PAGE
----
Decadence : a very short introduction / David Weir
- Very short introductions
Very short introductions.
- Oxford ; New York, NY : Oxford University Press, 
Includes bibliographical references and index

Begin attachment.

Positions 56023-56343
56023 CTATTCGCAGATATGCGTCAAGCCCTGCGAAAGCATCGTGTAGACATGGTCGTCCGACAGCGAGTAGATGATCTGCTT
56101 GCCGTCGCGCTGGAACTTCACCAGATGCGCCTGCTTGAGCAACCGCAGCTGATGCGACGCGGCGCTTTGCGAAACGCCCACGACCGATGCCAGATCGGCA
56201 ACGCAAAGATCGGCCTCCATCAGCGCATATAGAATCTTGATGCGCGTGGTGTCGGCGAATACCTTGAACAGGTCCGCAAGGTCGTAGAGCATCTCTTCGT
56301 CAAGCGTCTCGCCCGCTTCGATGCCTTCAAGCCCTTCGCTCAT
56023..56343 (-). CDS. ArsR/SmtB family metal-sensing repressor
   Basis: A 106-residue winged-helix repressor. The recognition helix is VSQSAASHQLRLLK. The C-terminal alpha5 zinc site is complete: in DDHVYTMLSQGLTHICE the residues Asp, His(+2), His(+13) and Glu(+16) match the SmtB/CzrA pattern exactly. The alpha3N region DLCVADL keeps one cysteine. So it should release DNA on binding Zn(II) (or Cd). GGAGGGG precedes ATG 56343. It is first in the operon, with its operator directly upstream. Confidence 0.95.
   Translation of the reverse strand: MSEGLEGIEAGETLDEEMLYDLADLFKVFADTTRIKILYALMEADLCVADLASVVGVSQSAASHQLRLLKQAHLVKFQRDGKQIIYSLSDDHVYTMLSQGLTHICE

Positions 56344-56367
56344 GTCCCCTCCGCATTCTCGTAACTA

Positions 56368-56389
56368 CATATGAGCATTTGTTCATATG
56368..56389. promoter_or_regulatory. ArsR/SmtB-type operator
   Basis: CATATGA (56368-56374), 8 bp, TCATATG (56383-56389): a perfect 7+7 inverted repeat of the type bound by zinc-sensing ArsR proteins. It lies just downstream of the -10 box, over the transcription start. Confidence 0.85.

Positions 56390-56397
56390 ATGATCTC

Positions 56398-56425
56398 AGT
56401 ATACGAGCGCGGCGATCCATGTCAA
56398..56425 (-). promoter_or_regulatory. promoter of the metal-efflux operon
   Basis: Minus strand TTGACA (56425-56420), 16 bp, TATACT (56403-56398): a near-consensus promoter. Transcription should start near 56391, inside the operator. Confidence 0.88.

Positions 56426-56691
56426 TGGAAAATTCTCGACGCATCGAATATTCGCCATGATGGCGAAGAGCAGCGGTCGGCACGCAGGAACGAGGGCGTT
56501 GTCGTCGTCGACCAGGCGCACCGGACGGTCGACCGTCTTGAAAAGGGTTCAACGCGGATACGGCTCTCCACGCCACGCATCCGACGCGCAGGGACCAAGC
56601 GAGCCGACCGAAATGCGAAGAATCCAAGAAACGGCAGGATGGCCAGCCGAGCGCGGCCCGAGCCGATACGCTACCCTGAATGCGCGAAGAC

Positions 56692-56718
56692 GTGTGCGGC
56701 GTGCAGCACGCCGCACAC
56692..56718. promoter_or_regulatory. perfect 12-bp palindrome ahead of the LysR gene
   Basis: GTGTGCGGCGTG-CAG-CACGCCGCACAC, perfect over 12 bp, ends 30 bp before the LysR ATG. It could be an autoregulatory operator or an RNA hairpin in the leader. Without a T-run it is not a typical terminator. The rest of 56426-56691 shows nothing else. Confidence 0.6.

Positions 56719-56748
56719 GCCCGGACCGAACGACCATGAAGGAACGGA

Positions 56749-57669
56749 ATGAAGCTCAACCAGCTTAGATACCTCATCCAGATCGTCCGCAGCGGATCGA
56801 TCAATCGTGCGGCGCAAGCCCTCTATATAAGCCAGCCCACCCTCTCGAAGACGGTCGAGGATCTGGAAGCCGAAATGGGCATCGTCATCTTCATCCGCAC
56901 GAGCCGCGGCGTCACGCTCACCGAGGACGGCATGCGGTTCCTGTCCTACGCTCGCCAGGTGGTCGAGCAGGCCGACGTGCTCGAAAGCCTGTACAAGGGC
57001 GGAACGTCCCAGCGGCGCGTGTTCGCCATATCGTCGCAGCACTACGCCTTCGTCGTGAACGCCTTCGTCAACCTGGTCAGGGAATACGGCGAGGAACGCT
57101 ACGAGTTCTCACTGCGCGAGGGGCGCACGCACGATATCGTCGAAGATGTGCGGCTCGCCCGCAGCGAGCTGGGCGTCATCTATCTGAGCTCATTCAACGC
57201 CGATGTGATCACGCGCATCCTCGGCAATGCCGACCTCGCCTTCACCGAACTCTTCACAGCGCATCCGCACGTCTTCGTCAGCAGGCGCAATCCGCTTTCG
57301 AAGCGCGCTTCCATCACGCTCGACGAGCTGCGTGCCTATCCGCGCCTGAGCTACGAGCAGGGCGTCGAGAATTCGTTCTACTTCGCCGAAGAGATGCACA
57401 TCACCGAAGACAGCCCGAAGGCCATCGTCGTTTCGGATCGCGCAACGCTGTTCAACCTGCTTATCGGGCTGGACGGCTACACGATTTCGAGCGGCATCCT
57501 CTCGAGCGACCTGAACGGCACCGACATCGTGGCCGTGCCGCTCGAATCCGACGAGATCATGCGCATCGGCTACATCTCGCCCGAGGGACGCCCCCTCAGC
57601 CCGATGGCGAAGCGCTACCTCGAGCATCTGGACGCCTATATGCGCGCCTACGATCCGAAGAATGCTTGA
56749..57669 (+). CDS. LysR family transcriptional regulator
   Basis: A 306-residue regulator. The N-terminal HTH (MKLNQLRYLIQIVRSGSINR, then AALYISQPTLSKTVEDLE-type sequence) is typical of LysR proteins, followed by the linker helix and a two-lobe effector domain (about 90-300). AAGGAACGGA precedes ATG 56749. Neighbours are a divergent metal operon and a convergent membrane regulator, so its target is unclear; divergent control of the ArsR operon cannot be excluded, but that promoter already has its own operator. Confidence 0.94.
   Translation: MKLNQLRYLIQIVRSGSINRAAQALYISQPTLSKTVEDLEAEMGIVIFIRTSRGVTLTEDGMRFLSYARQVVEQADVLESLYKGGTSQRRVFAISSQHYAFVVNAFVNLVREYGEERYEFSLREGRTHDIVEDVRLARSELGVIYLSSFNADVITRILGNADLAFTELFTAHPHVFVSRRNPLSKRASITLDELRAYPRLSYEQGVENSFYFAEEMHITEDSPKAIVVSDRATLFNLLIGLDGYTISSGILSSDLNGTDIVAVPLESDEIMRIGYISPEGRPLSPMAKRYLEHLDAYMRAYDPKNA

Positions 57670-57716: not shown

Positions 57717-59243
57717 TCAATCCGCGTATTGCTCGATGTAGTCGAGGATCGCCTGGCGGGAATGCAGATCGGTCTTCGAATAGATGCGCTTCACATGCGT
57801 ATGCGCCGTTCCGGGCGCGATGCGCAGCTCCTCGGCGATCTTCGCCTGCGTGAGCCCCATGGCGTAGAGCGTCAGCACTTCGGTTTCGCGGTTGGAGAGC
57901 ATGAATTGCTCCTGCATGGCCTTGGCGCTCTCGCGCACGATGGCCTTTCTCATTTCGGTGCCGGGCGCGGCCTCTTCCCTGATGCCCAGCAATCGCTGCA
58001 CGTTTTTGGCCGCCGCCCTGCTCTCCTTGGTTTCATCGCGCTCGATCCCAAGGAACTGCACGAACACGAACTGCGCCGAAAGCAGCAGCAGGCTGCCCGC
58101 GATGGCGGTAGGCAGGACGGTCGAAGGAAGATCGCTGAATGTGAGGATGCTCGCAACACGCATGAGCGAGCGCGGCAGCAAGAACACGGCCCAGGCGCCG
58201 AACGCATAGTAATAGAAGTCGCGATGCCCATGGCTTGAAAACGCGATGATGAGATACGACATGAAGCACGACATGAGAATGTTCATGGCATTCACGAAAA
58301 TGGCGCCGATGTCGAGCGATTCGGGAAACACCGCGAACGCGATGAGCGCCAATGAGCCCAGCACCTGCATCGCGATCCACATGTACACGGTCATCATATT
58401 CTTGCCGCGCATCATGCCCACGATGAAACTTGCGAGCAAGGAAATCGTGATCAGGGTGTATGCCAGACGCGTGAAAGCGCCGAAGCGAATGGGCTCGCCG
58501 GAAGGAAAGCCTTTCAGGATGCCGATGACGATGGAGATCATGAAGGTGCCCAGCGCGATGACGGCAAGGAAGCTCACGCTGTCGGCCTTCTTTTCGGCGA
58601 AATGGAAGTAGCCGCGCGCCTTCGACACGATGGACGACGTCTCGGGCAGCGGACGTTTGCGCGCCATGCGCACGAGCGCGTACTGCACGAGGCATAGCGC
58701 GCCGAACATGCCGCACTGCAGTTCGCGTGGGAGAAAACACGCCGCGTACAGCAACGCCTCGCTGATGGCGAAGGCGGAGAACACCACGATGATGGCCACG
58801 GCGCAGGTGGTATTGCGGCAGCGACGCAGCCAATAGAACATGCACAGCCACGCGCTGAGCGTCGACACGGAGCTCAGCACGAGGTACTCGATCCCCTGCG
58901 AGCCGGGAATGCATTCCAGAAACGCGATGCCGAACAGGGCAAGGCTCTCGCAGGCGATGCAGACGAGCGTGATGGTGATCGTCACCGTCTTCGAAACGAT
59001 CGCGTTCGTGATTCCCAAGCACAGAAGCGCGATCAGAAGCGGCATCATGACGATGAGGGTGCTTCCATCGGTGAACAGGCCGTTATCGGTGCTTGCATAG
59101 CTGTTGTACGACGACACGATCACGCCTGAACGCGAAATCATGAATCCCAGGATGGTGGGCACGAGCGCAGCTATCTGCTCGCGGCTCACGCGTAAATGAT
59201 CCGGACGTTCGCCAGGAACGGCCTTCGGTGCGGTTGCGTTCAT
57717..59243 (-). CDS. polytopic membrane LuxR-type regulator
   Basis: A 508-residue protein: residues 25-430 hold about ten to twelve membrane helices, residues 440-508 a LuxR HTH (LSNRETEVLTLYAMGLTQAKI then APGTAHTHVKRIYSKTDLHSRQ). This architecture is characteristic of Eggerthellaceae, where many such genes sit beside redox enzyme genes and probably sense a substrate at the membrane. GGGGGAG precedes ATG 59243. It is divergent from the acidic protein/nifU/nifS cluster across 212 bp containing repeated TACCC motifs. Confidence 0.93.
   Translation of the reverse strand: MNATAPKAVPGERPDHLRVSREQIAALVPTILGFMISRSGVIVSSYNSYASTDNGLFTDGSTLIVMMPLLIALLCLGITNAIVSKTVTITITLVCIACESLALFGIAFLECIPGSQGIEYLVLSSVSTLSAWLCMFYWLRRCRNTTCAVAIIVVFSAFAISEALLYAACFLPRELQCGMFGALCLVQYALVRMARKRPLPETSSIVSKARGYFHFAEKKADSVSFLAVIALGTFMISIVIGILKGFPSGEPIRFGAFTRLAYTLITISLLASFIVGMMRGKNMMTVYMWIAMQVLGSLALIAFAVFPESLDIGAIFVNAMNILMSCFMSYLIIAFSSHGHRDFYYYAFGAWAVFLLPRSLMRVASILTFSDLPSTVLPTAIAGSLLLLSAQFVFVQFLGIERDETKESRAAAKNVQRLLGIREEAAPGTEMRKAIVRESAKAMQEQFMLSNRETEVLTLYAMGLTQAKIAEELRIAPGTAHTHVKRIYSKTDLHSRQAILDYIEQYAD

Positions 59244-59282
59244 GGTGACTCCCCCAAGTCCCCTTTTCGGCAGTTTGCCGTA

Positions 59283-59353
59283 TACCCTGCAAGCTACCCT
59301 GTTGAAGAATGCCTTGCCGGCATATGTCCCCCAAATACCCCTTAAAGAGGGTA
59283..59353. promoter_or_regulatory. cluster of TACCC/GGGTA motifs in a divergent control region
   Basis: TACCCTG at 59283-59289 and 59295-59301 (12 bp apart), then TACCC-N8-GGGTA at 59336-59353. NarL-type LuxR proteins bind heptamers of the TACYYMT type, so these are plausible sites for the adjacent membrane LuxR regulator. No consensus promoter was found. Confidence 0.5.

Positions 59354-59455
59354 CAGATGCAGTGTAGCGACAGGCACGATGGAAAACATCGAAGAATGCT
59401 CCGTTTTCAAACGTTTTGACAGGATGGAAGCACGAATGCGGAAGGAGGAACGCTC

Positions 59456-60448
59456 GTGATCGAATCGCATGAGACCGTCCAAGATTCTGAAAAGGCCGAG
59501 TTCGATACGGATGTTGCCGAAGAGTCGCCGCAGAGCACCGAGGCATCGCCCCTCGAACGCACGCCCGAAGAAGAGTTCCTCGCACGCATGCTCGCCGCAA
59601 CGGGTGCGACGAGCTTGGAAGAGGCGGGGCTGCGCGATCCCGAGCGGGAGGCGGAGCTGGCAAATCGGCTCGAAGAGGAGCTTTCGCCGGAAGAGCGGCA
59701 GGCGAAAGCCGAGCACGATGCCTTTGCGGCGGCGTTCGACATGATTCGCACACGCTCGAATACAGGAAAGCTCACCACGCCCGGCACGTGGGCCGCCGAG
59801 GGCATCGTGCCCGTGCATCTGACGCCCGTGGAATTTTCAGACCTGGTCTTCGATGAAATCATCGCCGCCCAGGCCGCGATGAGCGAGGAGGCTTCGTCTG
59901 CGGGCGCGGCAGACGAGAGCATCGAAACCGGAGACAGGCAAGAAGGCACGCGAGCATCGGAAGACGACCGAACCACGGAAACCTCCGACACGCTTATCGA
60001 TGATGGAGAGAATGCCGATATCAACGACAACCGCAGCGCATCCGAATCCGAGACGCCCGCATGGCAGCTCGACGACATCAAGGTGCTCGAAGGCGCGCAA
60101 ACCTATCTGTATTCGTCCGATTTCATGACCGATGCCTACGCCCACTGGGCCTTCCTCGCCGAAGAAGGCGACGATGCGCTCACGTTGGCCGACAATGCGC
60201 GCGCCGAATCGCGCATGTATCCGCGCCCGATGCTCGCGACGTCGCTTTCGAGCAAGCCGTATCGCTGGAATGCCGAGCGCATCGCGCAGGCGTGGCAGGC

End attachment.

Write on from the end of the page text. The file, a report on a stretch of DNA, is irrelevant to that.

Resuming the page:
The historical trajectory of decadent culture runs from ancient Rome, to nineteenth-century Paris, Victorian London, fin de siecle Vienna, Weimar Berlin, and beyond. The first of these, the decline of Rome, provides the pattern for both aesthetic and social decadence, a pattern that artists and writers in the nineteenth century imitated, emulated, parodied, and otherwise manipulated for aesthetic gain. What begins as the moral condemnation of modernity in mid-nineteenth century France on the part of decadent authors such as Charles Baudelaire ends up as the perverse celebration of the pessimism that imperial decline, whether real or imagined, involves. This delight in decline informs the so-called breviary, or even bible, of decadence from Joris-Karl Huysmans's A Rebours, Oscar Wilde's 'The Picture of Dorian Gray', Aubrey Beardsley's drawings, Gustav Klimt's paintings, and numerous other works.
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